“This is all with an eye to the presidential election in 2024,” another State Department source told TAC, noting that a 2024 presidential run would put Pompeo at odds with Vice President Mike Pence.
And rather than foreign policy experts or experienced diplomats, Pompeo has placed Silicon Valley titans and donors on the State Department’s Foreign Policy Advisory Board. According to a 2019 fiscal year report for the board provided to TAC by the State Department, the panel has recently included nine members. Among them: Douglas Beck from Apple, Jared Cohen from Jigsaw (Alphabet Inc.), James Donavan from Goldman Sachs, and William Roedy, former CEO of MTV.
In his first public comments on the firing, Pompeo claimed he was not aware that Linick was investigating him at the time he recommended that the IG be removed. He said he knew only about a case “involving a national security matter,” reports the Post.
“It is not possible that this decision, or my recommendation rather, to the President rather, was based on any effort to retaliate for any investigation that was going on, or is currently going on,” Pompeo said. “Because I simply don’t know. I’m not briefed on it. I usually see these investigations in final draft form 24 hours, 48 hours before the IG is prepared to release them.”
“So it’s simply not possible for this to be an act of retaliation. End of story,” Pompeo said.
But sources tell a different story. A former State Department employee told TAC that as soon as the Office of Protocol was notified of the IG’s request, they immediately notified Pompeo’s office. Three days later, Linick was out.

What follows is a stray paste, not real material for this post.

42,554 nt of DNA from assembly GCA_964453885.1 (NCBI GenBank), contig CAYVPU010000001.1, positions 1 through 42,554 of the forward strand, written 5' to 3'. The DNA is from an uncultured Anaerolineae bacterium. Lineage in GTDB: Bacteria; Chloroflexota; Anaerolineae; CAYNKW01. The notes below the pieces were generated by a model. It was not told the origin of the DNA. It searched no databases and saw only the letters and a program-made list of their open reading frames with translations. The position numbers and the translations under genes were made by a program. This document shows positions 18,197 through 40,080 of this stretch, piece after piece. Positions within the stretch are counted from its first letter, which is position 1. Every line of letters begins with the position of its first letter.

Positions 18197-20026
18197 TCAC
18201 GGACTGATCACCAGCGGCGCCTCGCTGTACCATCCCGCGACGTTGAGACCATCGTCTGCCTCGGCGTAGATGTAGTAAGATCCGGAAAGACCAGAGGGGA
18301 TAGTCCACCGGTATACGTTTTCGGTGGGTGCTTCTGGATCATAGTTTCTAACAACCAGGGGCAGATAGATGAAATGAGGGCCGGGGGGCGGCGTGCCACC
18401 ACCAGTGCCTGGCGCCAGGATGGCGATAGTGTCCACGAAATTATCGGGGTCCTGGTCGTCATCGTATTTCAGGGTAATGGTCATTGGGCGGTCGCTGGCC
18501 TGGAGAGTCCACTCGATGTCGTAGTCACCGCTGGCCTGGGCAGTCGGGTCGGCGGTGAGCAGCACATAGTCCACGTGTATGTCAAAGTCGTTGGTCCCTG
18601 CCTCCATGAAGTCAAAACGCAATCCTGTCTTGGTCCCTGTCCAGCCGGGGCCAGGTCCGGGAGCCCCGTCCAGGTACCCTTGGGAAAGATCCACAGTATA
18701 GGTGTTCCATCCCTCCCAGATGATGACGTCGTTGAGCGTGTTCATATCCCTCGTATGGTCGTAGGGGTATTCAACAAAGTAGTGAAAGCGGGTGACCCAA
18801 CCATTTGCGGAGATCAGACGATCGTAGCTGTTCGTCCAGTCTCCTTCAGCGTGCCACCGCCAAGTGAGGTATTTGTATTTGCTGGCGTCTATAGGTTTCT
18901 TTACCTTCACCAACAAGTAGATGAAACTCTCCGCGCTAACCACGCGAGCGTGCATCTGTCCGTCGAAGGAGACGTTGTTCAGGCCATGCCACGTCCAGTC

The dinners aren’t the only irregularities that the Inspector General of the State Department was probing, however.
According to a Democratic congressional aide, the IG was investigating last year’s decision to bypass Congress by declaring an emergency that expedited an $8 billion arms sale to Saudi Arabia. Secretary of State Mike Pompeo refused to sit for an interview with the IG office on the issue, reports CNN.
“Democratic lawmakers on a House committee last year began looking at a whistle-blower complaint that Mr. Pompeo, his wife and adult son were asking diplomatic security agents to run personal errands, including picking up Chinese food and the family dog from a groomer. The whistle-blower said agents had complained they were ‘UberEats with guns,’ according to CNN, which first reported on the accusations,” reports The New York Times.